This is, of course, a myth. While the American Dream advocates for all to be able to chase their fantasy careers, it’s a fact that specific vocations like law and medicine demand applicants of a high calibre. Without the necessary qualifications, and quite often reputable work experience at highly-established law firms or courthouses, the odds of a person conning their way onto the law career ladder are practically non-existent.
Also, let’s not forget that Mike Ross is a fictional character who got mega lucky with a photographic memory, which enabled him to snatch his seedy start at Pearson Hardman in the first place. Most people won’t be equipped with such a powerful tool and, even if they were, without the grades to support their applications, would fall short of success.
Dragons’ Den is a hit reality TV series about the entrepreneurs who pitch their business ideas to a panel of venture capitalists also known as dragons. The contestants hope to secure some sort of financial investment. The dragons scrutinise the contestants’ ideas further in order to decide if they would like to invest or withdraw.
Although the show states that the contestants only have a maximum of three minutes to pitch their ideas or products, the contestants are often grilled longer than this if the dragons are interested in the concept. This is because they want to make sure they are making the right investments.
What the show implies: Making a connection is always important.
This is a fact. Much is made on the show of certain Dragons being a ‘good fit’ for a brand; this rings true when meeting angel investors as well. Angels are not only investing in your business but also in you. Strong communication tactics are crucial to keeping the connection strong.
What the show implies #2: Entrepreneurs have just three minutes to pitch a business plan.
This is a myth. In reality, the time the startup entrepreneurs have with angels varies from pitch to pitch, but it’s usually more than a brief encounter. What goes on across our screens is just a fraction of what really happens, and the entrepreneurs have been reported to have been queried for almost two hours.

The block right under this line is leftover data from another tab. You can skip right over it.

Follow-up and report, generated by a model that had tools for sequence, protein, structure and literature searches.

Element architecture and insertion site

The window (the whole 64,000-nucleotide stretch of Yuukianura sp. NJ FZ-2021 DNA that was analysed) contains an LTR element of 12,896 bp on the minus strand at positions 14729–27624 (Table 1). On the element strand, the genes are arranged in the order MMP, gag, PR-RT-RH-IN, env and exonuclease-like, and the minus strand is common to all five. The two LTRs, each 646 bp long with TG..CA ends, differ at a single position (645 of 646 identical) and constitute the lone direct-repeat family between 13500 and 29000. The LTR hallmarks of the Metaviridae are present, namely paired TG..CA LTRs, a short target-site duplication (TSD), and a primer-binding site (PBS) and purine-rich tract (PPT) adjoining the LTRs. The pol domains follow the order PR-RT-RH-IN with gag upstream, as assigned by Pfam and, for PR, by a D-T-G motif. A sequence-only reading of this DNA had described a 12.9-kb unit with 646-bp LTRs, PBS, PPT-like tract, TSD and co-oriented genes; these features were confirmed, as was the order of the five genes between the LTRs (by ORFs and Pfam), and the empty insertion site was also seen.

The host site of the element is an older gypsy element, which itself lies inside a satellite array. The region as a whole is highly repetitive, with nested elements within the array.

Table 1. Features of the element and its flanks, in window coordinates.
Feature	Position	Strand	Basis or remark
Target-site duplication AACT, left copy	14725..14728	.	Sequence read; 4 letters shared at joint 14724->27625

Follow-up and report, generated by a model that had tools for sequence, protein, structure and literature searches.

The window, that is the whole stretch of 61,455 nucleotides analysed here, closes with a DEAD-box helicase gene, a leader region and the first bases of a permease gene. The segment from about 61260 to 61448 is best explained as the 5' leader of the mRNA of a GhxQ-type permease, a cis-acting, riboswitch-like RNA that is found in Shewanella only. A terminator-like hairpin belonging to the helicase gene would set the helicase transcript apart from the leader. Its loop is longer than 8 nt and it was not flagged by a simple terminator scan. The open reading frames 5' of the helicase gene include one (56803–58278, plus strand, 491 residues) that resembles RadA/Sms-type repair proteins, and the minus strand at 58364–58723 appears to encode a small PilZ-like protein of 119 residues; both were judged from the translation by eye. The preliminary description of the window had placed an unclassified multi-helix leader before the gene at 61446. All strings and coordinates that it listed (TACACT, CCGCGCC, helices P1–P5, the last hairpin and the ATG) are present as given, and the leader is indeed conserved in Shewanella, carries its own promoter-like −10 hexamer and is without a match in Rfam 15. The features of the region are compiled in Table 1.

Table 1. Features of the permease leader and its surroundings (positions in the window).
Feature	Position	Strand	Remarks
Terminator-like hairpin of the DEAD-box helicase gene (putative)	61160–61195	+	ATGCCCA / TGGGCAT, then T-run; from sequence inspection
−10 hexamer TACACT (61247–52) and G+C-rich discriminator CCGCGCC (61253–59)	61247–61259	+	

The Apprentice is a reality show that focuses on business ventures. A group of business-minded people embark on a 12-week journey of business tasks and challenges and are put against one another for many of these challenges in their bid to win the ultimate investment prize of £250,000 from Alan Sugar.
What the show implies: Real-life business ventures consist of a 12-week long recruitment process where all bar one candidate is fired.
This is a myth. The Apprentice recruitment process may take 12 weeks, but in real life, candidates are usually working in other roles for this period until the final is aired. Whilst real-life recruitment processes differ hugely, it is rarely common for two teams to be put against each other in this way.
We gathered information on the 12 most common myths about the business practices and laws surrounding startups and the fundraising process. Data was collected through various sources on the internet, looking at scenes or instances where shows or movies discuss the legalities of business, startups and entrepreneurship.
On the whole, having taken a closer look at the common myths surrounding law and business practices in a series of movies and television shows when compared to real-life practices, it is quite clear that not all instances are true.
Due to the dramatisation of many of these shows for entertainment purposes they make the startup and fundraising process look more straightforward than it actually is in real life. Therefore, it is always important to seek out professional advice regarding legal or business matters.